The Green Building Chronicle reported yesterday that a bill restoring the solar energy tax credit has hit a dead-end in the Georgia legislature. The bill—HB 146—would have restored funding for the credits through 2014 and would have increased the total funds available for the credits from $2.5 million per year to $10 million per year for 2012, 2013, and 2014.

Last year, it seemed like Georgia was turning a corner on its conservative approach to energy policies. First, there was the decision of the Public Service Commission announced that it approved an increase in the amount of solar energy purchased by Georgia Power—effectively doubling the amounts that had been allowed previously. Then, the citizens of Georgia voted for a constitutional amendment to allow state agencies to enter into energy savings performance contracts. It looked like Georgia was serious about reducing energy demands and increasing alternative energy production. So, what happened?

Some believe that the solar tax credits were re-prioritized because the legislature has been focused on proposals to make sweeping changes to the Georgia tax code in an effort to make Georgia more competitive in attracting businesses to move here while maintaining revenue needed for the budget.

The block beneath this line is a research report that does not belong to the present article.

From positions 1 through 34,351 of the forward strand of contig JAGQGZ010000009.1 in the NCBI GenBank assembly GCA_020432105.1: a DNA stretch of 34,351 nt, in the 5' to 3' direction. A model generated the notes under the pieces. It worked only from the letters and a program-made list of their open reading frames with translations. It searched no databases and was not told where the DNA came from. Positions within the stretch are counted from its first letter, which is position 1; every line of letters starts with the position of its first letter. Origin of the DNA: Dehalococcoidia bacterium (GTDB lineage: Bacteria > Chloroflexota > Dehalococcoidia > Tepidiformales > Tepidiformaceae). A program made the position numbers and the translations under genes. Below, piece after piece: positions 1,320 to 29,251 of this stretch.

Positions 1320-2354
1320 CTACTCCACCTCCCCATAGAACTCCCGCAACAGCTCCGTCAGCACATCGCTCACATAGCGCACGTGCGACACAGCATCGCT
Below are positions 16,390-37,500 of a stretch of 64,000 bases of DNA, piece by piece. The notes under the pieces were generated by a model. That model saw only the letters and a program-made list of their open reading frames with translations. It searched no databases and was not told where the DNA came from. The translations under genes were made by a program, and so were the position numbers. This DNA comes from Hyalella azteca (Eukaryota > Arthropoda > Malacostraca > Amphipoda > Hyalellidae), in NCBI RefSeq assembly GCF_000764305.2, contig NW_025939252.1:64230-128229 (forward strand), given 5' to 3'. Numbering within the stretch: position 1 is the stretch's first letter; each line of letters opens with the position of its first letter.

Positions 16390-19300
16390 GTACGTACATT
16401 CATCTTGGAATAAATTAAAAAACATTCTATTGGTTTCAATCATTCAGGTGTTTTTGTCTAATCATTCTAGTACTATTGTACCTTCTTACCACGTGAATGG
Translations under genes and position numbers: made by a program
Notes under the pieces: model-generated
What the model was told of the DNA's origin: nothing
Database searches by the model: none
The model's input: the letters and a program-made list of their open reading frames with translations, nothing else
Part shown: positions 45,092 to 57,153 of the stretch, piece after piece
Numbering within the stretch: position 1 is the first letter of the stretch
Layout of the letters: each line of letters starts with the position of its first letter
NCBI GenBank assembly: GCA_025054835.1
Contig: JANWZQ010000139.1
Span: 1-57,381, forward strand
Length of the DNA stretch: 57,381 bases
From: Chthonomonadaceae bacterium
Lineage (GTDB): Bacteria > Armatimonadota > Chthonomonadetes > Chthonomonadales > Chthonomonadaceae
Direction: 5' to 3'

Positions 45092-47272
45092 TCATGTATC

Granted, that is a compelling issue for policy makers. But, if we believe that we must reform the tax code to entice businesses to come to Georgia, then isn’t it equally important to include tax credits that support and promote the businesses that are already here?

Georgia has a budding solar industry that includes solar manufacturers, installers and vendors. These businesses are here now—employing Georgians and paying taxes. As alternative energy becomes more prevalent, these companies will continue to grow and become an even more important part of our state economy. We want them to stay here and grow here. One way to support these businesses is by funding tax credits that promote their industry.

There is another good reason for the solar tax credits. Georgia has some of the greatest solar capacity of any state in the U.S. We should be a leader in solar energy production and a model for states trying to reduce energy costs and reliance upon fossil fuels. Instead, we lag behind states like Pennsylvania, which has used energy policies and tax credits to develop a highly successful solar energy program despite the fact that its solar capacity is significantly less than Georgia.

Does anyone see a downside to increasing solar energy production in Georgia?